College baseball has 16 teams remaining
By Eric Olson
AP Sports Writer
OMAHA, Neb. (AP) — Super regionals are the next stop on the road to Omaha. The eight best-of-three series starting Friday and Saturday will determine the field for the College World Series.
Friday openers: Vanderbilt (36-23-1) at No. 1 national seed Oregon State (52-4); Cal State Fullerton (37-21) at Long Beach State (41-18-1); Davidson (35-24) at Texas A&M (39-21); Kentucky (43-21) at No. 7 Louisville (50-10).
Saturday openers: Sam Houston State (44-21) at Florida State (43-21); Mississippi State (40-25) at No. 4 LSU (46-17); Missouri State (43-18) at No. 6 TCU (45-16); Wake Forest (42-18) at No. 3 Florida (45-17).
Some things to know:
LET’S DO IT AGAIN
Louisville has the nation’s longest streak with five consecutive appearances in super regionals and is trying to get back to the College World Series for the first time since 2014. TCU is in super regionals for the fourth year in a row and going for a fourth straight trip to the CWS.
HE CAN DO IT ALL
Oregon State second baseman Nick Madrigal is Pac-12 player of the year and batting .380 with 18 doubles, four homers, 34 RBIs and a team-leading 15 steals on 17 attempts. He’s had a deep bone bruise for almost a month since getting hit by a pitch on his left hand and was just 1 for 8 in the first two games of regionals. So he adjusted. He went 4 for 4 in the final against Yale — and every hit was a bunt single.
GOING IN STYLE
Sam Houston State achieved a first by making super regionals . Other milestones for a school that’s been playing baseball since 1906: the 740-mile trip to Florida State is the farthest the Bearkats will have traveled for a game, and the journey to Tallahassee is their program’s first by airplane.
BIG WEST IS BIG DEAL
With Cal State Fullerton playing at Long Beach State, the Big West is assured of having a team in the College World Series for a fourth straight season. It’s the first time two Big West teams have met in super regionals. Long Beach State, the conference champion, was 5-1 against the Titans in the regular season.
HE’D GIVE HIS RIGHT ARM
Davidson senior ace Durin O’Linger got straight-A’s last semester, is a member of Phi Beta Kappa and plans to go to pharmacy school. The super regional at Texas A&M , or the CWS, will be the end of his career. All that makes his pitch count irrelevant the rest of the way. He proved as much in the Atlantic-10 Tournament, when he threw 236 pitches, and last weekend when he threw 128 more while earning a win and save in regional wins over No. 2 national seed North Carolina.
WELL, THIS IS AWKWARD
First-year Mississippi State coach Andy Cannizaro took the Bulldogs’ job in November after serving as hitting coach and recruiting coordinator at rival LSU. He’s returning to the Baton Rouge tiger den for super regionals. LSU swept three games from the Bulldogs in May in Starkville.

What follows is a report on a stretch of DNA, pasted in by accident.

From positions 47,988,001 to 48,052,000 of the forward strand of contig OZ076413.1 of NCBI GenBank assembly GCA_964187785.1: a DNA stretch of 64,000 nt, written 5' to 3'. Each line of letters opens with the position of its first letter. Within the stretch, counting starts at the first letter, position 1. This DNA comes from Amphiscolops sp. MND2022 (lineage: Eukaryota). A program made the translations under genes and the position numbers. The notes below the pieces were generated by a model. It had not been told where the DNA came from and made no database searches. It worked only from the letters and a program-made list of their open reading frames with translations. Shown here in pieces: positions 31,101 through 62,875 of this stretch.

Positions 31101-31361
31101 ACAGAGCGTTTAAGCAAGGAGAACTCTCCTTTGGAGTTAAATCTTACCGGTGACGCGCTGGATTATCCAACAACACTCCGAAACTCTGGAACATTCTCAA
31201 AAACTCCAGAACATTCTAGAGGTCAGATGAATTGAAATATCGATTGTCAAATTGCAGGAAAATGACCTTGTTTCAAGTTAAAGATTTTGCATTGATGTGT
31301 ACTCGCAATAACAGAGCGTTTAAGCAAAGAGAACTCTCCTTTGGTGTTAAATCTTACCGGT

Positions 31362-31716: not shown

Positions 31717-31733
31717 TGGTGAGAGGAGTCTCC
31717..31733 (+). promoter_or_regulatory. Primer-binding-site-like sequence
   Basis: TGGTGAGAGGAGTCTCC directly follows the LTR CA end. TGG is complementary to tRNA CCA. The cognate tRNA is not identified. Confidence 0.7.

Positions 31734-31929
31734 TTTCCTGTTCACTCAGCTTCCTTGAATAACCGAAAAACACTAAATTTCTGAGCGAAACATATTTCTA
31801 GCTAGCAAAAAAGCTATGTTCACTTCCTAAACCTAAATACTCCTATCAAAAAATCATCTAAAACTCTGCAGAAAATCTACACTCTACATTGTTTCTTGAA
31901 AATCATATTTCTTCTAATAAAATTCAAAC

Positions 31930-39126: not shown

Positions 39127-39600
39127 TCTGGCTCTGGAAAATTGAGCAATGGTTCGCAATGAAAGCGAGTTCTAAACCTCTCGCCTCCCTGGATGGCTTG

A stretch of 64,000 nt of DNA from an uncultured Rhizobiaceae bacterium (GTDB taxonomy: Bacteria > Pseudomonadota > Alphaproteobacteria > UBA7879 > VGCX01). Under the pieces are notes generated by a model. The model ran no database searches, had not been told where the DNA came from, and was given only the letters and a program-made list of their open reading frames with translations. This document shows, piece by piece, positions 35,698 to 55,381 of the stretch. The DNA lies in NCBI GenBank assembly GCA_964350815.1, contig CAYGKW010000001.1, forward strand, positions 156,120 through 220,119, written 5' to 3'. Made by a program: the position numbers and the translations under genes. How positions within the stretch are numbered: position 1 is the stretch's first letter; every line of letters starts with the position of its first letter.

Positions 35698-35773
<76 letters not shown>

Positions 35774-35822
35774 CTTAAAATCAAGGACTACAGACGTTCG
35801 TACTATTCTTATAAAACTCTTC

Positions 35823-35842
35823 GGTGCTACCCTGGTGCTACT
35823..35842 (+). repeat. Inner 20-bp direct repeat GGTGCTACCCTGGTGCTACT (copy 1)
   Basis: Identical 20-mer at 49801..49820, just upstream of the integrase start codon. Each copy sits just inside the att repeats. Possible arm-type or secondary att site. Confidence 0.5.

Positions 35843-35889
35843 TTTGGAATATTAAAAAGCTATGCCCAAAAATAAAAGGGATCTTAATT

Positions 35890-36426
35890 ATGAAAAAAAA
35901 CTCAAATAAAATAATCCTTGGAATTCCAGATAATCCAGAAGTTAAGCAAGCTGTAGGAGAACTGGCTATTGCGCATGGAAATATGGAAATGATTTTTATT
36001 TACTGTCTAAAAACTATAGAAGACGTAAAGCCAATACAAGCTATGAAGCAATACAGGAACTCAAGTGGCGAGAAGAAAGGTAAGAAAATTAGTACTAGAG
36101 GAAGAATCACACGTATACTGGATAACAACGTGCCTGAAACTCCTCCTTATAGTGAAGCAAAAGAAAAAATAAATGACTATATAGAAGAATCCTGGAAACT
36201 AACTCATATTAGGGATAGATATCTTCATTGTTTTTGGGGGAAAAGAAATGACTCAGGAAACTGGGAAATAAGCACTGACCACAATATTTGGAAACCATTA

LSU freshman Zach Watson hit a tournament-leading four home runs in regionals. He had two against Texas Southern and two more against Southeastern Louisiana. The four homers doubled his season total. Missouri State’s Jeremy Eierman and Vanderbilt’s Will Toffey each have hit three homers in the tournament.
CALLING ON KNUTSON
Missouri State can count on Jordan Knutson to start, pitch middle or short relief or even close. The Bears called on him in all four regional games, and the senior left-hander earned two wins and took a loss before throwing 2 1/3 innings of no-hit, shutout relief in the clinching win over Arkansas. Knutson has made a career-high 21 appearances, including 15 starts, and is 8-3.
Wake Forest-Florida offers a contrast of styles. The Demon Deacons have hit 100 home runs and are batting .311, scoring 7.9 runs a game and have five players with 12 or more homers. Florida has among the best starting rotations in the country, with Alex Faedo, Brady Singer and Jackson Kowar combining for 26 wins. Michael Byrne has developed into the top closer with a nation-leading and school-record 16 saves.
Zach Reks took a long, winding road to Kentucky. The senior left fielder from Orland, Illinois, played at Air Force as a freshman in 2013. Unhappy in Colorado, he gave up baseball, transferred to Kentucky to be a regular student and worked two years at Toyota’s manufacturing plant a half-hour away from Lexington. Reks reconnected with an Air Force teammate who transferred to Kentucky, and he started spending time around the team. Reks was invited to walk on, earned a starting job the second week of the 2016 season and batted .331. This season he’s started every game in the outfield, batted .360 and driven in 44 runs.
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